Happy and Unhappy Families

By Vic Sizemore

When Tolstoy says that happy families are all alike, what he means is that they are all alike in this one thing: they are boring, not worth writing about.

Unhappy families. Now those are interesting.

Last night my wife and I—and our two teenage boys and pre-teen girl—celebrated our third wedding anniversary. In these three years it is becoming a tradition that we go out and eat backwards, dessert first, then the entre, and then an appetizer if anyone still wants one.

This night we choose Rivermont Pizza, a downstairs restaurant and bar, and are seated at a table beneath the largest of a series of windows that follow the downward slope of the outside sidewalk, starting small and growing larger like a bright, upside-down staircase. Through them we can see the legs and feet of the bar patrons who must now step outside to smoke.

Rivermont has a wood-fired kiln that gives the pizza crust a nice smoky flavor, and all kinds of interesting interpretations of pizza. My favorite is the Thai pizza with a peanut sauce, tofu, carrots, bean sprouts, jalapeno peppers, and fresh cilantro; as good as it tastes, this one tips very close to some food category other than pizza.

Our server is Marcelo, a good friend of mine, so it is immediately as comfortable as if we are just hanging at his house. I ask him what beers are on tap and eventually I settle on the Bourbon Barrel Stout. In the sweating glass it is as dark as Coca Cola, with a creamy caramel-colored head.

Our fifteen-year-old son asks if I will let him have a sip. I glance at my wife and she shrugs that it’s fine with her. He grimaces after barely touching the beer to his lips and says he thinks he will probably be more of a wine person. He is enamored of all things French these days, thanks to a French teacher at school who has captured his imagination, and apparently she has been clear about how important wine is to the French.

Rivermont has homemade desserts, which is rare for a pizza shop. My daughter orders the blackberry torte. The rest of us are hungry; we want real food. We get a couple appetizers to share: spicy Korean pork on a bed of mixed greens with kimchee—which is delicious; hot and fruity more than fishy—and a more typical appetizer of spinach artichoke dip with warm and heavily salted chips. We order two pizzas to share, one with meat, one without.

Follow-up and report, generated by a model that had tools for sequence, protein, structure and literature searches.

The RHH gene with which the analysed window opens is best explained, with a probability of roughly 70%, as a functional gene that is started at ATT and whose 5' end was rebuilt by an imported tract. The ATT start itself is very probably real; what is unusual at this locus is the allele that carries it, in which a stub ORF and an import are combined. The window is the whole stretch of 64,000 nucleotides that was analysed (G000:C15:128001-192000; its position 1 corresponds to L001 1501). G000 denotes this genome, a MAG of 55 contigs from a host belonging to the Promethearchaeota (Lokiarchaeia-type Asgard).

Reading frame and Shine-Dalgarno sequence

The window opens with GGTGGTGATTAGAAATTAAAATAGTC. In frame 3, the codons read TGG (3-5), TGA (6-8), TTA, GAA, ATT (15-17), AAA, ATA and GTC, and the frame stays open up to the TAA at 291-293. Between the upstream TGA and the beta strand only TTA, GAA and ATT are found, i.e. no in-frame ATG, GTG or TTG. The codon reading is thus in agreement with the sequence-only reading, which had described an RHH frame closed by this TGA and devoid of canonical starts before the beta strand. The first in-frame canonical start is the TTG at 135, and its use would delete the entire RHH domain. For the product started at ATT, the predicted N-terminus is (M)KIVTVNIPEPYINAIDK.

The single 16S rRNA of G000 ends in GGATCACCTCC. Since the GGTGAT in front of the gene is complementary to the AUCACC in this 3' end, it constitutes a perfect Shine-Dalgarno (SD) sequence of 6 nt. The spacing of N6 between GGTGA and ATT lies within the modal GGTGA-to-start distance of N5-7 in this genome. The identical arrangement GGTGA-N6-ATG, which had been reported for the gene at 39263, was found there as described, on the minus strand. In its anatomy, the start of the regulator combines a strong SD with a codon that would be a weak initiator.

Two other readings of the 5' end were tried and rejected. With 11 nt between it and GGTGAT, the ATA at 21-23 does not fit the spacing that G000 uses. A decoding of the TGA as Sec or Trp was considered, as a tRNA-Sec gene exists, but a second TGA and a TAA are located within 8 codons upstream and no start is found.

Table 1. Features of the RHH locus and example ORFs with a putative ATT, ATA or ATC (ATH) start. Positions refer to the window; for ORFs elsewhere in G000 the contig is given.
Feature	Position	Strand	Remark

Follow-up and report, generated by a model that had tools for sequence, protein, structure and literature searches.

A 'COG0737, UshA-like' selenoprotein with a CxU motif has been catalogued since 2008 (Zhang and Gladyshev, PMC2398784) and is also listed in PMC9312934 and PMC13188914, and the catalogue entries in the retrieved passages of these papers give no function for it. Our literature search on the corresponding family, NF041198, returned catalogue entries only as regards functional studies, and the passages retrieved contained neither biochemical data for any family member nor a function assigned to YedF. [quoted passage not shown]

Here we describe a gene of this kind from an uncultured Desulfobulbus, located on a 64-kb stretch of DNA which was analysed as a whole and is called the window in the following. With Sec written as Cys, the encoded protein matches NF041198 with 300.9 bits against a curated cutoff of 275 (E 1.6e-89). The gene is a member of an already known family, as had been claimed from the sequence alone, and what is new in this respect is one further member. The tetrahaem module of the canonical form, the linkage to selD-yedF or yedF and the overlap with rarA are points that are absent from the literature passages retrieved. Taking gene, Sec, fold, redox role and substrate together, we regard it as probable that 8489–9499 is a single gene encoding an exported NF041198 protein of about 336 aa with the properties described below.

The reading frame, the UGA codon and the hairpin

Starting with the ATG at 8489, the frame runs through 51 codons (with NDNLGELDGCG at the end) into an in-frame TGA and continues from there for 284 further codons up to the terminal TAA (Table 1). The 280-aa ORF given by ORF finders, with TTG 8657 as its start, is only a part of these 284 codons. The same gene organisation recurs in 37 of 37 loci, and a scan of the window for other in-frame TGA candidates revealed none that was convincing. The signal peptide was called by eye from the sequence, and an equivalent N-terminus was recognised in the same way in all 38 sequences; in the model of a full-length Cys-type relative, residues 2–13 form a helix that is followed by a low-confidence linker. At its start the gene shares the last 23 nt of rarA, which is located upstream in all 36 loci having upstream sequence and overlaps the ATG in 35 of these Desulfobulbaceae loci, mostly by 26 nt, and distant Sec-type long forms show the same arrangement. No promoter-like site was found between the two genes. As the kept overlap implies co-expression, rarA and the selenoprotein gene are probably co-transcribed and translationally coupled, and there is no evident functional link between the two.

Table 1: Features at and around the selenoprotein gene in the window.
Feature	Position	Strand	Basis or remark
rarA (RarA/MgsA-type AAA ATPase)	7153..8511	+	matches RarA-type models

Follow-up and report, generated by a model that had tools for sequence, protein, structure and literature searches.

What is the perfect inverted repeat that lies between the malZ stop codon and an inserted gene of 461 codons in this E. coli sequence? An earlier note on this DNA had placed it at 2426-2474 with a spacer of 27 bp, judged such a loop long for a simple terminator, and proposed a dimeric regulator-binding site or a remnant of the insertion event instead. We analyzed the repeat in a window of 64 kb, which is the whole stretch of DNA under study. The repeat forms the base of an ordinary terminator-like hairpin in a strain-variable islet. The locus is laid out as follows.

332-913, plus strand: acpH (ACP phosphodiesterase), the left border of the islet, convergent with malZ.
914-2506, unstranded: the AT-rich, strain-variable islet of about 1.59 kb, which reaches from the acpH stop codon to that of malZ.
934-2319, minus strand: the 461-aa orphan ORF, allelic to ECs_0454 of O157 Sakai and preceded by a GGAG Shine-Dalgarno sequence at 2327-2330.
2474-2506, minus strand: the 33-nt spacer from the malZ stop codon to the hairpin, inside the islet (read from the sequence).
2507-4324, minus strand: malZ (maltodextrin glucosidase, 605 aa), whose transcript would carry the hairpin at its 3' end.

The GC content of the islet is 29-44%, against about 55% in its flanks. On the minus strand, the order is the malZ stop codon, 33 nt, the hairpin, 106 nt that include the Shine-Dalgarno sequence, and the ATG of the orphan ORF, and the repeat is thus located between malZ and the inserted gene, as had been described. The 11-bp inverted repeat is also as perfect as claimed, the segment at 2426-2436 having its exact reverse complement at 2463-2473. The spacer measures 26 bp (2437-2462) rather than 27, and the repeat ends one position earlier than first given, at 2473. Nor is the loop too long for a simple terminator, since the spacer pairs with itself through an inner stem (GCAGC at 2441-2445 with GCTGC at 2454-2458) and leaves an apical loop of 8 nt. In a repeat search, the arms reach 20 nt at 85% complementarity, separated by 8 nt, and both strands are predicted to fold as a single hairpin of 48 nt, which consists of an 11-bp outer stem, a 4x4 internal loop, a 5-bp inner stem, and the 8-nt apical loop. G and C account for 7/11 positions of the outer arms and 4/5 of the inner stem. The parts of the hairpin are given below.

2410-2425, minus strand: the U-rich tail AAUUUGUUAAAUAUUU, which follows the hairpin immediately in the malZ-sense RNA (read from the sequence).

What strikes me about the whole scene, this family having pizza, is how unremarkable it is to anyone walking by to a table, normal. A boring happy family.

When the kids’ birth mother walked out a number of years ago, I held on, and held out hope for reconciliation, much longer than I should have—if I should have at all—even to the point of being thought pathetic by my friends. The reason was not because I loved her so much—the truth is I was as miserable as she was in the marriage. It was because of the kids, yes, but not primarily.

The main reason I held out was religious in a way: even though I had long since left the Fundamentalist Baptist fold in which I was raised, the teachings about what it means to be a man were deeply ingrained in my psyche.

To lose my wife was to become a failure as a man. The kids would be irreparably damaged, crippled adults who couldn’t have proper relationships with the opposite sex—from a broken home, so that consequences of my failure would be passed down to the second and third generations. It was a disaster in the making, and only reconciliation with the kids’ mother would avert it. Only that could maintain wholeness.

The fact was that my first wife and I made a bad match. We were unequally yoked in the most fundamental ways, and spent twelve years exhausting ourselves trying to pull the cart of our family in two different directions.

Having been raised the way I had, I was resigned to a lifetime of misery for the sake of doing the right thing, and for the sake of the kids. I dug in out of pride too. I was determined to someday look back and point out that I had held this difficult thing together, I had kept it whole.

Another belief that came from my upbringing was that once this initial family unit is broken up, whatever structures form from its pieces will always and ever be ersatz families—groupings fumbling to approximate what the original, painfully and artificially held together.

Sitting at Rivermont Pizza with this family of mine, celebrating our third anniversary—my wife has designed it this way; while we two do celebrate together just the two of us, she started from the beginning including the kids; we even went on a familymoon—I am struck by how comfortable it is, how natural and normal it feels. How good and how right.

After trying so hard to keep the outward structure of a fundamentally broken thing intact, I have discovered here, under the outward brokenness—can’t deny it when the kids pack up to go to their mother’s—this family is whole.

I have learned some humility at least. It’s not all up to me. In spite of my failings as a husband and father, this family is a success. These kids are healthy and well-adjusted (I reach out now and knock on a wood cabinet by my desk).

It is not without the conflicts typical of families with teens and pre-teens, but I really can honestly characterize it as not just a success, but a smashing one. A happy family.

If that’s boring, man I’ll take it.

Note: This post was originally published on the Image Journal blog Good Letters.